Last year’s Equifax breach left upwards of 145 million people’s personal identity information (PII) in the hands of fraudsters.
Since 2005, more than 816 million individuals’ records were stolen in more than 4,500 reported breaches.
In 2018 alone, major companies like Whole Foods, Kmart, and Under Armour have already experienced breaches, exposing hundreds of millions of customers’ personal data.
Data breaches are so common now that it’s safe to assume that no one’s information is private and that we’ve all been hacked. As a result, it’s on us to think carefully about how fraudsters are actually using the PII they steal. And in order to best protect businesses and consumers, it’s on us to reconsider the traditional approaches to identity verification —which clearly aren’t working.
Opening a new account with stolen PII is easy for fraudsters, largely due to the widespread use of outdated verification processes. Unfortunately, companies continue to face several challenges surrounding the verification of new applicants, including:
- Stolen PII. Most businesses rely on the credit bureaus to verify user identities. But the problem is that the personal information requested in most applications is exactly the same as the information credit bureaus use to verify identity. That means that if a fraudster steals real PII, he can easily open an account using that information, which matches the information the credit bureau has, so the account gets green-lighted. Moreover, as we have seen with so many data breaches, none of that data is secure anyway. In short, relying on credit bureaus and using the stale, static data that most of them have been storing for decades is no longer a useful means of verification; all that data can all too easily be bought on the black market.
- Applicants with insufficient credit history. In recent years, growing swaths of the population have insufficient credit history—and despite being qualified, these applicants with “thin files” are more likely to get denied than those using stolen PII. This problem particularly affects millennials, members of Generation Z, and immigrants, who are all less likely to use credit cards. Studies find that millennials own 22% fewer credit cards than the generation before them at the same age, and 18-to-24-year-olds prefer to pay with cash or debit cards.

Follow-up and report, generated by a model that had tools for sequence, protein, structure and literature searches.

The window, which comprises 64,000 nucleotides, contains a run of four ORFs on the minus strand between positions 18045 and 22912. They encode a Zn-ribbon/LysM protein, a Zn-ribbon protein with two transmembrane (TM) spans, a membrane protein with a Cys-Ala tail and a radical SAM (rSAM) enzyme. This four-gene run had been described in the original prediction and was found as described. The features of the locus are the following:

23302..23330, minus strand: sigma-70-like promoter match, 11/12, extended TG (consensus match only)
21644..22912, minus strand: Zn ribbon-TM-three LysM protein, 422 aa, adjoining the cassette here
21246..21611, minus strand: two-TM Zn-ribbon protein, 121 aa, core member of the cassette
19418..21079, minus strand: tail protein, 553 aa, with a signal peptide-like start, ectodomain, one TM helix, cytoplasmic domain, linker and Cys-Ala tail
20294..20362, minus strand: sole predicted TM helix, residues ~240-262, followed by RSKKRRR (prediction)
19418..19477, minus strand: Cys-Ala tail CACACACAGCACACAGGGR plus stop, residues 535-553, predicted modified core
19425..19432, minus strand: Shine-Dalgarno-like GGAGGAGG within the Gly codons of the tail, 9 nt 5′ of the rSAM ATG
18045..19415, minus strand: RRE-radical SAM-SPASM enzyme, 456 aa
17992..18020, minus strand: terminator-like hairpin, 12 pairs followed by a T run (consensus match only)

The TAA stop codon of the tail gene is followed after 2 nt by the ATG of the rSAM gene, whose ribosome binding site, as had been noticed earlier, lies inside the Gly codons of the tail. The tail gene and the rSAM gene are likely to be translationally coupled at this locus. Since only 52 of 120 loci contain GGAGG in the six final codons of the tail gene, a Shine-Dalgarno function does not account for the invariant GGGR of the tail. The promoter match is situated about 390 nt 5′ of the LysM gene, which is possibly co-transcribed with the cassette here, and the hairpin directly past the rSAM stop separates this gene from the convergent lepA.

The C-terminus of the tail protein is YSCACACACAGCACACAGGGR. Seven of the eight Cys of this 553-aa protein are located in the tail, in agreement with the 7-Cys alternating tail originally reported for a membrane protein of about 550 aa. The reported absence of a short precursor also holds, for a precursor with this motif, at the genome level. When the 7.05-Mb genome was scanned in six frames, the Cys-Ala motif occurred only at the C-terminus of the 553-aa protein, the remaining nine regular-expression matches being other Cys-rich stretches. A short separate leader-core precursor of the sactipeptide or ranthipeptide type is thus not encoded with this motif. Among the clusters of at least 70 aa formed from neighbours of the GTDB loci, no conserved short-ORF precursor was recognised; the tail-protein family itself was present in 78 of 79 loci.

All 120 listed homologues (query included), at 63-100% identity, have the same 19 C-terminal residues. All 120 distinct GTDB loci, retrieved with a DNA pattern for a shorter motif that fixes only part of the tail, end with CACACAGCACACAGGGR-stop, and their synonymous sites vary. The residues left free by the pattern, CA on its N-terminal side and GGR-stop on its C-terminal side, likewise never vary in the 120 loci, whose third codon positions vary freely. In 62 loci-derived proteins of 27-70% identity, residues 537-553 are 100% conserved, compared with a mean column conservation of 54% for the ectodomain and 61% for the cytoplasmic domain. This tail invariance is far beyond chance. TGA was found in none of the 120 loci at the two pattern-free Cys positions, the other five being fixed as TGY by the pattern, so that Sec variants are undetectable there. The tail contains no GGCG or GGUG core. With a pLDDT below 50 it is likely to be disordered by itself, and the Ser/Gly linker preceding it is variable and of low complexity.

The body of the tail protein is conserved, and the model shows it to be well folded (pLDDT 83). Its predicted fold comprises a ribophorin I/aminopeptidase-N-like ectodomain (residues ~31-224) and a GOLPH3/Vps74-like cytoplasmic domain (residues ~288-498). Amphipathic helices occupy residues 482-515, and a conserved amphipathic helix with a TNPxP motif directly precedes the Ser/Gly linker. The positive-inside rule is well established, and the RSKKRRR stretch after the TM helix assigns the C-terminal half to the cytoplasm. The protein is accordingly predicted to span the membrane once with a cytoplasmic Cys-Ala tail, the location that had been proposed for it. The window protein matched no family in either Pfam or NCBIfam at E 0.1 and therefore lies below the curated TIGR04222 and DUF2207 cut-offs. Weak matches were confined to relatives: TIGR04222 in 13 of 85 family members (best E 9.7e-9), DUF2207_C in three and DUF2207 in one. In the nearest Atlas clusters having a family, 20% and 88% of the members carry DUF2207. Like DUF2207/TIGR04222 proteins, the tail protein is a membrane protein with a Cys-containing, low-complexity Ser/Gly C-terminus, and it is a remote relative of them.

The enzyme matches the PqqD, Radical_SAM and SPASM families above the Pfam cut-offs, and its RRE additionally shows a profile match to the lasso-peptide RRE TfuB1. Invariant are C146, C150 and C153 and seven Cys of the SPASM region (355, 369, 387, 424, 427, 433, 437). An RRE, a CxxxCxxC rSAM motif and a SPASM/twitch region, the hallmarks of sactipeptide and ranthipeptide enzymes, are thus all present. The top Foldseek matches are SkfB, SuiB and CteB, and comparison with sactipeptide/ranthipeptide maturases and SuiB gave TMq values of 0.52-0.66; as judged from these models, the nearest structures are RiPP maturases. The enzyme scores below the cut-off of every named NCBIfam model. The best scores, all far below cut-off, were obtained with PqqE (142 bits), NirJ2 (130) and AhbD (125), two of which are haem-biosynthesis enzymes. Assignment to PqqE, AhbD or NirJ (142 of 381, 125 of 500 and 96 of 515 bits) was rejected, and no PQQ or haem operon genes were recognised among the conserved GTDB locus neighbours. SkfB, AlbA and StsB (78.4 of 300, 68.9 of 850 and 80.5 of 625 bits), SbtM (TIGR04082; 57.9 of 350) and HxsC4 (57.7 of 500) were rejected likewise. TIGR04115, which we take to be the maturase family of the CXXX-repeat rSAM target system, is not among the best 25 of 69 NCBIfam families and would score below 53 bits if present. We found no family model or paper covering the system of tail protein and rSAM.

- Existing authentication technologies are too rigid. The vast majority of identity verification solutions, including those used by the major credit bureaus, rely on a plethora of rules created by statisticians. Rules-based systems are only as good as the rule maker, grow unwieldy over time, and are difficult and time-consuming to update. As fraud tactics shift, as they inevitably do, rules-based systems degrade and have a hard time adjusting to the current conditions.
- Emerging authentication technologies are ineffective. Despite their good intentions, advanced authentication technologies, such as biometrics, only work if an account has already been verified. But if the account is opened using stolen PII and verified by, say, a credit bureau, the advanced authentication only serves to further validate fraudulent accounts. Furthermore, given the nascence of the technology and the cleverness of fraudsters, even physical biometrics like fingerprints can be spoofed.
What these challenges make clear is that relying on credit bureaus to verify new applicants is no longer a sustainable model. Too often this data is compromised and static, and it doesn’t keep up with a changing population’s spending habits. Instead, a better approach is needed that relies on a wider range of data that’s more difficult to hack and replicate. Asking applicants to provide more personally specific information—such as IP addresses, emails, phone numbers, social networks, and other aspects of their “digital footprint”—would do a world of wonder in more accurately verifying identities. And it’s not a far-fetched solution, either. The technology already exists—and here at Socure, we’re already working with financial organizations to apply machine learning to mine these dynamic data sources.
It comes down to understanding the risks and realities of stolen PII—and understanding the way in which verification needs to change with the times. In short, identity verification is stuck in the 1990s. Isn’t it high time to bring it into the digital age?